Then, with the victory of democracy in 1994 the first black president of the SAMRC, Malegapuru Makgoba, was appointed. Thus began the new struggle of the SAMRC to smash the apartheid-era racial paradigm and begin the necessary process of transformation. Transformation in every sense – from the content of the research undertaken by the SAMRC and which it supports; to the composition of the in-house staff and scientists; to the growing of a cohort of black and women scientists; to the embrace of health sciences as a broader meaning than only medical science; to becoming the measure of the state of the nation’s health. Today, the SAMRC is headed by a woman scientist and is unrecognisable from its lily-white past.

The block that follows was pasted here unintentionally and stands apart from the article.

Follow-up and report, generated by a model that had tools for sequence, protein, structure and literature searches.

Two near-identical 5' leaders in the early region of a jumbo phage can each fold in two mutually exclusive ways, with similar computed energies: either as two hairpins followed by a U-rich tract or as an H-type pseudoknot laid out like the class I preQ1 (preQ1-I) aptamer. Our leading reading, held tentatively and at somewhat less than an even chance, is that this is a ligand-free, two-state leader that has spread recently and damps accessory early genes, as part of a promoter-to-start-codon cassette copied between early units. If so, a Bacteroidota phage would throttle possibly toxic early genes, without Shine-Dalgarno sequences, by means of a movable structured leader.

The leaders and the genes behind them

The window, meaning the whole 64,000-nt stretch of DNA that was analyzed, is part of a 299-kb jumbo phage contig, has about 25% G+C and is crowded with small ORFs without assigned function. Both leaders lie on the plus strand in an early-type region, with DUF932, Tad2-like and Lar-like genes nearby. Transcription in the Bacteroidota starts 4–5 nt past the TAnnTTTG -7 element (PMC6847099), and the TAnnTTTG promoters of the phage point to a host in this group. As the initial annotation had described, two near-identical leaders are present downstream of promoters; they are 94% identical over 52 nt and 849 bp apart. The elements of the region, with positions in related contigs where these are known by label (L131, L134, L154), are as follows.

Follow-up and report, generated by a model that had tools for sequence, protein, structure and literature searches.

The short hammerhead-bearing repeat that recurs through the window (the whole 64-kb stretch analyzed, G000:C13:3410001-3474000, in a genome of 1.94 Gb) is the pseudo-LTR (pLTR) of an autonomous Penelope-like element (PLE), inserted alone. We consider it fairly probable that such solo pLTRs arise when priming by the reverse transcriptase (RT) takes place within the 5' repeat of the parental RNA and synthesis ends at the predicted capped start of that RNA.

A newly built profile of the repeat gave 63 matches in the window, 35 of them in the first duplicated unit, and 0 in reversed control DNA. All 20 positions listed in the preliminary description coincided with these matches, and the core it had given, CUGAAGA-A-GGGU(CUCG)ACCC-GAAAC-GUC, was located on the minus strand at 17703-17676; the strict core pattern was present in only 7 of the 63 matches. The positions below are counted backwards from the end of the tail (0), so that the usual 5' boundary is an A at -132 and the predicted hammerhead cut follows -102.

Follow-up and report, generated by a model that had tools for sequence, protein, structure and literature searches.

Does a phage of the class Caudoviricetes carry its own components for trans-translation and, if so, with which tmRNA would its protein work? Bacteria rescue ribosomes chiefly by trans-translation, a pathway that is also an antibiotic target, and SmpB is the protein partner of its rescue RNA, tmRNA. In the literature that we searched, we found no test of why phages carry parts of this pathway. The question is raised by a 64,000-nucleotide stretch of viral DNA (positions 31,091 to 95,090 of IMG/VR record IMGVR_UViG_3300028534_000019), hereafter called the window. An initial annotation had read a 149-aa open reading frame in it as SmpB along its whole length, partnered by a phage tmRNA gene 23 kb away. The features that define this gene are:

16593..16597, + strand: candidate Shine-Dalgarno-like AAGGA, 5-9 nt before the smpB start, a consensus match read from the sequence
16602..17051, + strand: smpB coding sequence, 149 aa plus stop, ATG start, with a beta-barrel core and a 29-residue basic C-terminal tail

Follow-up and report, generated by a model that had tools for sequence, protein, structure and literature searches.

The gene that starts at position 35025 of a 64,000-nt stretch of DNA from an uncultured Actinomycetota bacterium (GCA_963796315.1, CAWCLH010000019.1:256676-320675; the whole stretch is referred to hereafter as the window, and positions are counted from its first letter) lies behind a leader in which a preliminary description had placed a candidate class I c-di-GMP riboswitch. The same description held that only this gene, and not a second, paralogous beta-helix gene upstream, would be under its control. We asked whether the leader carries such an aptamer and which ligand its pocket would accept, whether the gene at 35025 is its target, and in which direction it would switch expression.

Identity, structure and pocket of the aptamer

Today the SAMRC produces the major studies in South Africa on the principal causes of death and disease; undertakes environmental and epidemiological studies which warn us of the major environmental impacts on public health while producing researched reports on healthcare systems and options that can best realise our commitment to universal access to healthcare. The SAMRC is also involved in the research for new medical technologies and new drugs and undertaking their clinical trials while collaborating in the innovations associated with genomic medicine.

This is not about cherry-picking some of the “good” of the past – this is about the SAMRC as it is today.

But today there is much concern that South Africa may be in a situation where a health research body may be a “nice thing to have but not an affordable priority”. Also, there are pressures from those who seek to turn medical innovations into the sole prerogative of commercial enterprises.

So why should we continue to put public resources into a public institution of Health Research?